Rheumatoid arthritis (RA) is an autoimmune disease that occurs when the body’s immune system attacks and damages the joints and, sometimes, other organs. RA is a chronic and inflammatory disease that causes pain, swelling, stiffness, and loss of function in the joints and other areas of the body.
Some people think that Rheumatoid Arthritis is just like any regular arthritis like osteoarthritis, which is caused by normal wear and tears and affects the cartilage in joints. The biggest problem in people getting it mixed up is that quite often people who have Rheumatoid Arthritis quite often develop Osteoarthritis.
Rheumatoid arthritis (RA) seems to affect more women than men probably because of the actions of female hormones in their body mechanisms. There is no clear-cut scientific reason why this is so, but some school of thought refers to the nature of women and their role in reproduction.
Most people who start with this disease are aged between 30-60. However, anyone can actually get RA but you find the older have it worse than the younger but that’s just because they have been living with the disease for longer.
RHEUMATOID ARTHRITIS AWARENESS WEEK – 13th – 19th September – Rheumatoid Arthritis Awareness Week (RAWW) is an annual campaign created by NRAS to raise awareness of the condition and eliminate misconceptions by educating and informing friends, family, and employers of those with RA and the general population about what rheumatoid arthritis truly is.
Since the National Rheumatoid Arthritis Society (NRAS) was founded in 2001, one of our key aims has been to increase public understanding and awareness of rheumatoid arthritis (RA) as distinct from other forms of arthritis. Whilst we have come a long way, there still remains a significant challenge in clarifying the misconceptions based on RA.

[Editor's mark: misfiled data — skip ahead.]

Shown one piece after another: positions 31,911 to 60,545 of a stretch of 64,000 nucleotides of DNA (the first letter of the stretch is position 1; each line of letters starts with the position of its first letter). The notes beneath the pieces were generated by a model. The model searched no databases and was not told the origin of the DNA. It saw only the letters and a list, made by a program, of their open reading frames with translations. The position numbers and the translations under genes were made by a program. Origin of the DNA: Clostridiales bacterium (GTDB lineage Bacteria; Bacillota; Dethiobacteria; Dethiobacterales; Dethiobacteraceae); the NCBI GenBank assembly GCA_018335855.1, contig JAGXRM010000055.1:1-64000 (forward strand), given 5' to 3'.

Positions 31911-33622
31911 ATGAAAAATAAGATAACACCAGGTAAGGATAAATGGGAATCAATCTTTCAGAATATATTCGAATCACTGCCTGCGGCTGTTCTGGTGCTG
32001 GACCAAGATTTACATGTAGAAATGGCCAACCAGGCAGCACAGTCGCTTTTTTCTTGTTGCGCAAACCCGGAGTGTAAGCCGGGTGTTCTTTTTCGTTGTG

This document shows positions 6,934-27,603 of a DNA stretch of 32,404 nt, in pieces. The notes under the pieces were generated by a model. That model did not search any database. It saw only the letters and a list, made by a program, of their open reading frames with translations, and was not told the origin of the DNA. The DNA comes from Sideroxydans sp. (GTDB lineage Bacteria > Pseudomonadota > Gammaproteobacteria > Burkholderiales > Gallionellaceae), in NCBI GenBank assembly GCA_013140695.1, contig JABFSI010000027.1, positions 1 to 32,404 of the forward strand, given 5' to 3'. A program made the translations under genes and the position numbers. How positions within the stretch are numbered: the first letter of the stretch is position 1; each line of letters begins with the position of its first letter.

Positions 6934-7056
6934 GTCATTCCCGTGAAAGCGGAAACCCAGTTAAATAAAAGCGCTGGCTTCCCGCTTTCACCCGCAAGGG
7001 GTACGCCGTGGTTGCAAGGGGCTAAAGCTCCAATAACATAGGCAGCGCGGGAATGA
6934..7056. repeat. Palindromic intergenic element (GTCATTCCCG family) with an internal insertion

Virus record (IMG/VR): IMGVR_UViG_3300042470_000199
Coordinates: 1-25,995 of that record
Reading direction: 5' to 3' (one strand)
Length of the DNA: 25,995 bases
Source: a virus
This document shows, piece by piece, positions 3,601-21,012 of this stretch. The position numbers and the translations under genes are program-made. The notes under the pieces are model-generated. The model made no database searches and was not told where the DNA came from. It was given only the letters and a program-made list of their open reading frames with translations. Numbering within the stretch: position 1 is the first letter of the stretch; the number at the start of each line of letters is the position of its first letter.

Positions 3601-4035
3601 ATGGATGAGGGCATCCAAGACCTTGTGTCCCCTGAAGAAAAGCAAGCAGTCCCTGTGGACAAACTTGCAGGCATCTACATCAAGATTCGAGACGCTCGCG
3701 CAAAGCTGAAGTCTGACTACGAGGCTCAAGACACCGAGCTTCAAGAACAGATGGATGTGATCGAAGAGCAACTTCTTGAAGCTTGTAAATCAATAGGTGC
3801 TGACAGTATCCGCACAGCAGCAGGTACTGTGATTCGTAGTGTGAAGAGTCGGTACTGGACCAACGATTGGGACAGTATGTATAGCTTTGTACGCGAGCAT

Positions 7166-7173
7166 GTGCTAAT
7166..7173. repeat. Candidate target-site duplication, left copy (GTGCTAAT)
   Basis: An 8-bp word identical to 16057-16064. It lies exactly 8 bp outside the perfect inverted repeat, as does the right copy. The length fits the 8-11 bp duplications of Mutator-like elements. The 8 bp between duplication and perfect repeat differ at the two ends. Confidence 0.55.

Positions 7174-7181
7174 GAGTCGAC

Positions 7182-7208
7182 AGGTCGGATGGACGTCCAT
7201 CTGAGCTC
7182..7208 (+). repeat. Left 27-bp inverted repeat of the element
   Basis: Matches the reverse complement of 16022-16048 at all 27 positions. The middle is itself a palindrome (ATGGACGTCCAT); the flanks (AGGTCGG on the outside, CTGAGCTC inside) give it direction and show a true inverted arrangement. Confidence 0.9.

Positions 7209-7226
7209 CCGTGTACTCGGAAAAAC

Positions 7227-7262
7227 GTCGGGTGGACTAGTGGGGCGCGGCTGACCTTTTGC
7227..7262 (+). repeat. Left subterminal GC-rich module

In 2013, NRAS started a campaign called Rheumatoid Arthritis Awareness Week (RAAW) to raise awareness of the condition and eliminate these misconceptions by educating and informing friends, family, employers of those with RA and the general population about what rheumatoid arthritis truly is. RA is very different to osteoarthritis (OA) in that it can strike at any age over 16. It is an auto-immune disease, which is a key differentiating factor to OA and means that in addition to joints, it can affect internal organs such as the heart, lungs, and eyes. There are very serious consequences to late diagnosis or lack of targeted appropriate treatment.
Touch Medical Media writes that although there is no cure for RA, early diagnosis and treatment mean that many people affected can go for longer periods without ‘flare-ups’ – sometimes months or years. As Peter C. Taylor notes, “There have been enormous advances in the development of effective treatments for this condition in recent decades and there are now many available medications.”
Awareness of the condition and catching the signs early are integral to receiving the most effective treatment. NRAS’s aim is to spread greater awareness of what to look out for, so more people seek the right help sooner, and also to dispel myths surrounding RA through their 2022 #RAFactOrFiction campaign (get involved).
touchIMMUNOLOGY supports Rheumatoid Arthritis Awareness Week (RAAW) and its global goal to find better treatments and improve the lives of people with RA. Learn more by delving into the content library of video interviews, conference highlights, journal articles and clinical trial updates.